Denis Naylor Smith is the Sherlock Holmes equivalent, but unmemorable and fairly ludicrous by modern standards. He is a ‘tall, lean man, with his square-cut, clean-shaven face sun-baked to the hue of coffee’. He announces:
“I have travelled from Burma not in the interests of the British Government merely, but in the interests of the entire white race, and I honestly believe–though I pray I may be wrong – that its survival depends largely upon the success of my mission.”
All police and others immediately grant him entry and support at his request, as he has a special government commission of authority.
The several loosely connected stories follow a pattern: some warning comes that an important British man connected with the Far East i.e. India, China or Burma, is about to be assassinated. Naylor Smith and Petrie rush to the scene, and are either just too late or just in time. Fu Manchu’s methods are hard for the British investigators to work out, but include mysterious poisons, horrid insects, green mists from a mummy, specially flexible ladders, a monkey and strangulating lassos. At various points Smith and Petrie are captured and about to die by torture, poison, fire or drowning but are rescued by the beautiful Karamaneh.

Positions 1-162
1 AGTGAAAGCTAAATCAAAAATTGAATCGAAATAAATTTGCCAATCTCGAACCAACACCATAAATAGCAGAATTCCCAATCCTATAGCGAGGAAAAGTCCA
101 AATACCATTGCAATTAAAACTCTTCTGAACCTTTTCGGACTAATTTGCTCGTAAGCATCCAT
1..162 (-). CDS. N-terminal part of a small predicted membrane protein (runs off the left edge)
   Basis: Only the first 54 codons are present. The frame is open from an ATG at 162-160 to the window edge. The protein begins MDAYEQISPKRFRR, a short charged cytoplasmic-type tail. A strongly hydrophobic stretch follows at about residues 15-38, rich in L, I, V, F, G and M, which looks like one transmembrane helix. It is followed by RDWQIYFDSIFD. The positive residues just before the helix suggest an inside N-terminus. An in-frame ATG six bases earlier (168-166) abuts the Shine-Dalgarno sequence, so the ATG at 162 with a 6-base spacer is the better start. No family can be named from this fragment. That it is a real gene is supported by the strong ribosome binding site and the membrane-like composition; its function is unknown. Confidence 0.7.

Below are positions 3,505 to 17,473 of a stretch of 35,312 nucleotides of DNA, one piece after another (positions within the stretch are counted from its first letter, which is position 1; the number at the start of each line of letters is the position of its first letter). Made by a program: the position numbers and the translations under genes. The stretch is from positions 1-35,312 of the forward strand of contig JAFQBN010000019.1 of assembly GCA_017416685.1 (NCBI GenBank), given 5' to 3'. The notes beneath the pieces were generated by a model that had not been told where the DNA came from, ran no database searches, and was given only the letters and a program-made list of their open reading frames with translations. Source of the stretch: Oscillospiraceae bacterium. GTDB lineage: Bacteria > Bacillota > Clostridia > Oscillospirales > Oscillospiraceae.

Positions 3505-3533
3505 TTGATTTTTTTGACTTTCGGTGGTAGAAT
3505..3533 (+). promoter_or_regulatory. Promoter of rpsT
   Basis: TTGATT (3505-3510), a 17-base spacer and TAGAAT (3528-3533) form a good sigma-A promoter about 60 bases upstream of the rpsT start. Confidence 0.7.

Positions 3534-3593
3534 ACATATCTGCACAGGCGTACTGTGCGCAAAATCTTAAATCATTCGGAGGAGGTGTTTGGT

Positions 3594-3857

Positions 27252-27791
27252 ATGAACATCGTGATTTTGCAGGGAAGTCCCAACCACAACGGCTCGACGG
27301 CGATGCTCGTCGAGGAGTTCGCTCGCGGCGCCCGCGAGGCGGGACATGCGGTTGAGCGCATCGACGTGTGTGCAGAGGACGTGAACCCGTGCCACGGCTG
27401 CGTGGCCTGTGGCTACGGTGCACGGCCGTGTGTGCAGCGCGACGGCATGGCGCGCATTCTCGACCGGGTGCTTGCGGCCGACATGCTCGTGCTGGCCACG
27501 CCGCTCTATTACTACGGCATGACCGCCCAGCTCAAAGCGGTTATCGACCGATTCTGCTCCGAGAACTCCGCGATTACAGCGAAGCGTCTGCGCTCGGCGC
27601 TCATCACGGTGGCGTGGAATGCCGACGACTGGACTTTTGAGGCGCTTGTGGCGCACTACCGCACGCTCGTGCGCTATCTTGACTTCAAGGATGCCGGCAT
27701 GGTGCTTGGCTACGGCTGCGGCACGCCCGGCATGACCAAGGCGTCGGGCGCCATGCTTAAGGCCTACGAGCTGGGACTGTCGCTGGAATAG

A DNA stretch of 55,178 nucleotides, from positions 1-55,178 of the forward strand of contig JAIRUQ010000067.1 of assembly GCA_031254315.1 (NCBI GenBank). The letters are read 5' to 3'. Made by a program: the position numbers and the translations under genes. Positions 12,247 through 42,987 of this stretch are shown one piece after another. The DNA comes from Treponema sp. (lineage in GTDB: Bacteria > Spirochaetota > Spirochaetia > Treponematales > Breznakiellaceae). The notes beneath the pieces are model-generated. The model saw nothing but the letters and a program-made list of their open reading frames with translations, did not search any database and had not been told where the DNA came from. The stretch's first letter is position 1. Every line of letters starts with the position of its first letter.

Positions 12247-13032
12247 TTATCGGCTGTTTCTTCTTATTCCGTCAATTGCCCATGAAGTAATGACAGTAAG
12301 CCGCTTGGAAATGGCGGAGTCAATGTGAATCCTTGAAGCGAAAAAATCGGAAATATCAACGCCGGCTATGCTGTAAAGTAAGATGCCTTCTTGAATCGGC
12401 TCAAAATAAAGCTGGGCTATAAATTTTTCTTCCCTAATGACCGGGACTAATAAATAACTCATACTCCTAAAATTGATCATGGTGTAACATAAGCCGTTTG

They encounter Dr Fu Manchu on several occasions but their attempts to capture him never succeed…
Dacoits, Thuggees and Lascars appear frequently as denizens of an opium den in Limehouse, or as instruments of Dr Fu Manchu’s evil will. As they had appeared as stereotypes in fiction previously, people of the day had readier images to attach to these labels than we do.
Lascars were sailors from India or elsewhere in the East employed by the East India Company and other British ships, and commonly set up communities in British port towns. By the eve of World War I, there were over 50,000 Lascars in Britain.
The Dacoits were members of a class of robbers in India and Burma, who plundered in armed bands. The Thugs or Thuggees travelled in groups across India for several hundred years. They would join travelling groups, gain their confidence and then surprise and strangle their victims by pulling a handkerchief or noose tight around their necks. This garotte is called by a name which translates as ‘yellow scarf ‘, an idea which is picked up by the movies.
The East India company established the Thuggee and Dacoity Department in 1830, and the Thuggee and Dacoity Suppression Acts, 1836–1848 were enacted in British India under East India Company rule.